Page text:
Kevin Vuong, who won the Toronto riding of Spadina-Fort York as a Liberal candidate, said he will serve as an Independent MP, days after his party said he will not sit as a member of the caucus.
Last week, the Toronto Star first reported that Mr. Vuong had been charged with sexual assault in 2019 and that the charges were later dropped. In response, the Liberal Party released a statement saying that should Mr. Vuong be elected, he would not sit as a member of the caucus. Advance polls had already been open the previous weekend.
On Wednesday, Mr. Vuong shared a statement on Twitter saying that he intends to keep his seat.
“I appreciate that not everyone is happy with my election,” he wrote. “For those who feel this way, I understand the source of your doubts and I will work hard to earn your trust.” He added that allegations of sexual assault are a serious matter, and that he intends to address the allegations against him “at a later date more wholly in a dedicated forum.”
Joe Cressy, the city councillor for Spadina-Fort York, later commented on Twitter that Mr. Vuong did not earn the right to represent the community. “He should do the honourable and right thing and step aside,” he wrote. “If he wants to sit as an Independent MP, he should campaign for the job as one.”
Mr. Cressy ran as an NDP candidate for the former riding of Trinity-Spadina in a 2014 federal by-election, which he lost. He’d also endorsed Norm Di Pasquale, the NDP candidate in Spadina-Fort York, during this election.
Mr. Vuong beat Mr. Di Pasquale by less than 1,400 votes. The NDP was hoping to pick up the seat, and Leader Jagmeet Singh visited the riding three times during the campaign.
Mr. Singh also had his sights set on the Toronto riding of Davenport, where the NDP was again looking to make a breakthrough. But by Wednesday afternoon, incumbent Liberal candidate Julie Dzerowicz was poised to keep the seat.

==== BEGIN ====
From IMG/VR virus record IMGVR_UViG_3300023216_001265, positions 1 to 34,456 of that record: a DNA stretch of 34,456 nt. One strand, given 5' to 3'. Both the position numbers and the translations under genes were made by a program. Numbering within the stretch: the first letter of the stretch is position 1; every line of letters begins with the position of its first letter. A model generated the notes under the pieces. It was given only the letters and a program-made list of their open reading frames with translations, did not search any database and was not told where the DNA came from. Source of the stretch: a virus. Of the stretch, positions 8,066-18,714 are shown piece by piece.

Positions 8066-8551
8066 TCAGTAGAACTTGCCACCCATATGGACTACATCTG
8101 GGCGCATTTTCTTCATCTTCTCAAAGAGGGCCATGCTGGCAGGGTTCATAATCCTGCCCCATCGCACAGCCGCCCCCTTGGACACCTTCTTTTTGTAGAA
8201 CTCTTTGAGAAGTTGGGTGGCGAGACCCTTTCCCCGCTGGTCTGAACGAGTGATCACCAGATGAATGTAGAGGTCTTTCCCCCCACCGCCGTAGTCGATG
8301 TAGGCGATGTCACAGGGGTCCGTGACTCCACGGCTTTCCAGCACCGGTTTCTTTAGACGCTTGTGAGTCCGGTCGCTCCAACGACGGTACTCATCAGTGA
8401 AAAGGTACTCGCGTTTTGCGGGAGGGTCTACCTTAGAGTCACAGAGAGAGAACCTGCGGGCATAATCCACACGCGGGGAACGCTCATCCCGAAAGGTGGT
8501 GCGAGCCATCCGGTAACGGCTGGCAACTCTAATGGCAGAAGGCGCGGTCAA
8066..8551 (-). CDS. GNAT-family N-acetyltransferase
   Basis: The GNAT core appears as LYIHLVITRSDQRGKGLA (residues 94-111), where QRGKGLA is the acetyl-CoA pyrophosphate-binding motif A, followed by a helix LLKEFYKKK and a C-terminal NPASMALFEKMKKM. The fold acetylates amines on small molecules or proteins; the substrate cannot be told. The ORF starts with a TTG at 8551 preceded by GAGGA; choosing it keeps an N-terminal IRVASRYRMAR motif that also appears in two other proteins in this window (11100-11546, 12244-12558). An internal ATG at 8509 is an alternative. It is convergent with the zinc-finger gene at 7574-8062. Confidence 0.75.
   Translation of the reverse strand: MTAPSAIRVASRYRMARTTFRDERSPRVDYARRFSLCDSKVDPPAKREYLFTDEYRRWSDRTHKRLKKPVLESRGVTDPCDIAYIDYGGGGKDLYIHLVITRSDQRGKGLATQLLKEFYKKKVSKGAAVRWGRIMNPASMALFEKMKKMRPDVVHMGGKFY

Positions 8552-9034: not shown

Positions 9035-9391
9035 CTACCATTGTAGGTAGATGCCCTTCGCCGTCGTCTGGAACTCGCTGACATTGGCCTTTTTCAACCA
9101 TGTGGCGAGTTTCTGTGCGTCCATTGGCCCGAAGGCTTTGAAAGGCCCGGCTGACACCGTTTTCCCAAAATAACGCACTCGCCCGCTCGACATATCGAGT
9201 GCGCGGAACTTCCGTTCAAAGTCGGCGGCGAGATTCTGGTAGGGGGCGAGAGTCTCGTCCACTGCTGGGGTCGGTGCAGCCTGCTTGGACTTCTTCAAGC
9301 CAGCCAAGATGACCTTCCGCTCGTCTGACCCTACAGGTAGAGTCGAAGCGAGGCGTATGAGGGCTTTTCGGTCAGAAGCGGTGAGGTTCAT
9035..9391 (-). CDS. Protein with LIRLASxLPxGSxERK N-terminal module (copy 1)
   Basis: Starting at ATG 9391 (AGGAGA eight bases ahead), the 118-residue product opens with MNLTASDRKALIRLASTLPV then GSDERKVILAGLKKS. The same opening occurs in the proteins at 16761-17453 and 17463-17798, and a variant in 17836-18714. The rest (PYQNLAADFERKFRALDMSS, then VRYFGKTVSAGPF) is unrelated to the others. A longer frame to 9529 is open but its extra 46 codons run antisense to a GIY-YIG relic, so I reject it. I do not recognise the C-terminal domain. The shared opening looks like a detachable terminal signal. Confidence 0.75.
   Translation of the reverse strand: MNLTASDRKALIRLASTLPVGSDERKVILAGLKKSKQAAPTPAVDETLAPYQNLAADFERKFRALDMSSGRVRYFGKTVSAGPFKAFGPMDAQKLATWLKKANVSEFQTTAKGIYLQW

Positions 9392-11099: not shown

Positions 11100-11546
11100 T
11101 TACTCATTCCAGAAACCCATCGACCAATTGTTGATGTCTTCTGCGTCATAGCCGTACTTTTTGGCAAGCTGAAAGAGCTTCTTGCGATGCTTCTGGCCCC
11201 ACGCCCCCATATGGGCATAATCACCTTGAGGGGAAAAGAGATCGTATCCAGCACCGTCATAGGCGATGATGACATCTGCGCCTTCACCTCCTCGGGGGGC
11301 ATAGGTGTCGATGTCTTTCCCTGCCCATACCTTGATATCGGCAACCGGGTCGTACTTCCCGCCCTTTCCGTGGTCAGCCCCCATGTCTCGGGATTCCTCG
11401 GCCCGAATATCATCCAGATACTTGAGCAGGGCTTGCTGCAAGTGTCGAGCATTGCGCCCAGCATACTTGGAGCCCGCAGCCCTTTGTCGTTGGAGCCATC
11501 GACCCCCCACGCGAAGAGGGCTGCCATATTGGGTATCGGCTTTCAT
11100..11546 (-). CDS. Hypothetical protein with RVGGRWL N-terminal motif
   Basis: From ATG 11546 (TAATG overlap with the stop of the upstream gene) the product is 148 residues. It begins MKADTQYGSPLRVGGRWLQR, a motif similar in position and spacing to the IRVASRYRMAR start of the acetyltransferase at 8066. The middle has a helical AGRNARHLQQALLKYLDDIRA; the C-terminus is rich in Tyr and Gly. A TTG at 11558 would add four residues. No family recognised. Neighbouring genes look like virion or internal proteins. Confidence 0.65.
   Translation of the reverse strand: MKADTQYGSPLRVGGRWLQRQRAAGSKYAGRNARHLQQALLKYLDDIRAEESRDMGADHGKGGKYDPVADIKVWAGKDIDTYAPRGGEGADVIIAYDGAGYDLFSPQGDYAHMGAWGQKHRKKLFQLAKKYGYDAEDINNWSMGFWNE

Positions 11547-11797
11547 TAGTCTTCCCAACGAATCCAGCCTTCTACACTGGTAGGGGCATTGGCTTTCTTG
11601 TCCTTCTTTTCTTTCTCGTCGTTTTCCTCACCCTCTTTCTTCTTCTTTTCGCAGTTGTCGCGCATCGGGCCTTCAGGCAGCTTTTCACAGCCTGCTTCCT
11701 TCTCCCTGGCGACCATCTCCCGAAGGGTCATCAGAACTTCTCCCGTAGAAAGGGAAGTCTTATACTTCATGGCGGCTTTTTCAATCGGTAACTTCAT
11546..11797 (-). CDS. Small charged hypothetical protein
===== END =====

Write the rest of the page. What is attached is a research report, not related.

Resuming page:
This election was a “status quo election,” according to Carleton University comparative-politics professor Elliot Tepper. “We returned a Parliament almost a mirror image to the previous Parliament,” he said.
He added, though, that riding-by-riding changes, where seats may have flipped from one party to another, shouldn’t be underestimated: These results are sometimes cancelled out when only looking at the overall seat count.
The few close races where ballots were still being counted on Wednesday won’t change the overall minority-government situation, Dr. Tepper said, but they can affect if a party is represented in a specific part of the country or not. “The difference between being a national party and not being a national party may be determined by these very close elections,” he said.
Winning the riding of Spadina-Fort York or Davenport would have given the NDP a seat in Toronto. The party holds five ridings in Ontario, but has been shut out of the country’s largest city.
Other late-result races include Vancouver Granville, where late Wednesday, Liberal Taleeb Noormohamed had a slim lead over the NDP candidate. Vancouver Granville was previously held by Jody Wilson-Raybould, a former Liberal cabinet minister who was removed from the caucus and then sat as an Independent. Ms. Wilson-Raybould did not run for re-election this year, and made positive comments online about NDP candidate Anjali Appadurai.
The NDP is on track to win the Vancouver Island riding of Nanaimo-Ladysmith, with results coming in late Wednesday. The seat was previously held by Paul Manly for the Green Party. The NDP’s Lisa Marie Barron is leading the race in the riding and if she wins, it would bring the party’s total to 25 seats.
The race in New Brunswick’s Fredericton riding was called on Wednesday, with incumbent Jenica Atwin winning for the Liberals by about 500 votes over the Conservative candidate. Ms. Atwin, a former MP for the Green Party, crossed the floor in June to join the Liberals after a disagreement with Green Party Leader Annamie Paul.
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